Pakistan Rioting Over Book Spreads to 2nd City and Into India

From Staff and Wire Reports

Muslim demonstrators enraged over publication of a book they consider blasphemous continued their rampage Monday as protests spread to a second Pakistani city and into India, where one protester was killed and more than 100 others wounded.

The violence in India brought the two-day casualty toll to six dead and 180 people wounded in the demonstrations over Western publication of “The Satanic Verses,” a novel by Indian-born author Salman Rushdie.

And Prime Minister Benazir Bhutto, who returned late Monday from a visit to China, said the protests may have been planned to destabilize her government. Pointing out that the book is banned in Pakistan, she said, “The question is whether these agitations were really against the book . . . or was the book a pretext by those who lost the election. . . . The dying order always likes to give a few kicks before it goes down.” Bhutto became prime minister in November.


The novel--a contender for Britain’s highest literary award, the Booker Prize--takes its name from the verses the Prophet Mohammed removed from Islam’s holy book, the Koran, on grounds they were inspired by Satan. The protesters say the book offends Muslims by suggesting that the Prophet was fallible.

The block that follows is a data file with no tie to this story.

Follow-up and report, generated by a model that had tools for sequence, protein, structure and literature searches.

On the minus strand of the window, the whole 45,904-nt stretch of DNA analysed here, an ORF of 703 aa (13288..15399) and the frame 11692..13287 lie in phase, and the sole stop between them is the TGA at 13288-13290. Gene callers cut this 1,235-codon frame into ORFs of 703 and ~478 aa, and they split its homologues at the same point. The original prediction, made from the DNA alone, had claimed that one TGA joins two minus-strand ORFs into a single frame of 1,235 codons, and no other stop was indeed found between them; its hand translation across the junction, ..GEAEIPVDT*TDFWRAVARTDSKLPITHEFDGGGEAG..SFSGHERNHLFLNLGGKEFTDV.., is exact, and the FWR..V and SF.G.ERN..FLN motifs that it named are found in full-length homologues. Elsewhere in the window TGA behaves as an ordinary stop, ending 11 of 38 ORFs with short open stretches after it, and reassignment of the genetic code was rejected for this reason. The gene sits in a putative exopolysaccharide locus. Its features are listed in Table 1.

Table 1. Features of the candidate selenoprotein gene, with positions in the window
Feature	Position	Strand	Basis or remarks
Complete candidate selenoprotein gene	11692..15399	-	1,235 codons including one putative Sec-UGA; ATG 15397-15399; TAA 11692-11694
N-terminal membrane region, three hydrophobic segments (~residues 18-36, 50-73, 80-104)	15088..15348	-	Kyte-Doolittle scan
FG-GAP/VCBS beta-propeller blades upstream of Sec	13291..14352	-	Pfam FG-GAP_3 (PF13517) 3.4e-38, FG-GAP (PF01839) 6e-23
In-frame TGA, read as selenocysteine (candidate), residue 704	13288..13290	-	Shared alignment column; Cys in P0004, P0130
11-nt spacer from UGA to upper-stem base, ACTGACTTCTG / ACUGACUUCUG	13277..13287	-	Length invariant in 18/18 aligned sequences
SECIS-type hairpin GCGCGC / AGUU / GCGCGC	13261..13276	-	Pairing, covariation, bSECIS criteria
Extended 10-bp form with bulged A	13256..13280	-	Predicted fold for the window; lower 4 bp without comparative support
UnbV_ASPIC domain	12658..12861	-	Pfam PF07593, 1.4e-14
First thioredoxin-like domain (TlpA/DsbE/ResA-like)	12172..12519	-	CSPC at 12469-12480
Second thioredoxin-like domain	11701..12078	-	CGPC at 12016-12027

Outrage over the book--which has also been banned in India, South Africa and Egypt--spurred hundreds of Muslim demonstrators Sunday to attack the U.S. cultural center in the Pakistani capital of Islamabad. Police opened fire on the demonstrators, reportedly killing five people and leaving at least 80 wounded.

U.S. Voices Regret

In Washington, the Bush Administration, trying to head off a new round of anti-Americanism, expressed regret Monday over the deaths in Islamabad.

However, State Department spokesman Charles Redman insisted the United States has done nothing to provoke the outburst.

Redman said the director of the cultural center had agreed to accept a letter of protest after being assured the demonstration would be peaceful. But, he said, some militants began to throw stones at the center.

On Monday in Islamabad, demonstrators attacked businesses that remained open despite a strike to protest police handling of Sunday’s riot. The violence also spread to nearby Rawalpindi and across the border into northwest India, where clashes between demonstrators and police left at least one person dead and more than 100 wounded.


Rushdie, who lives in Britain, said he was “horrified” by the violence but didn’t feel responsible.

“The deaths aren’t on my conscience,” Rushdie, a Muslim, told the Times of London. “I am a writer trying to deal with real issues. I have not arranged any marches on embassies or arranged for any shots to be fired. I am completely horrified.”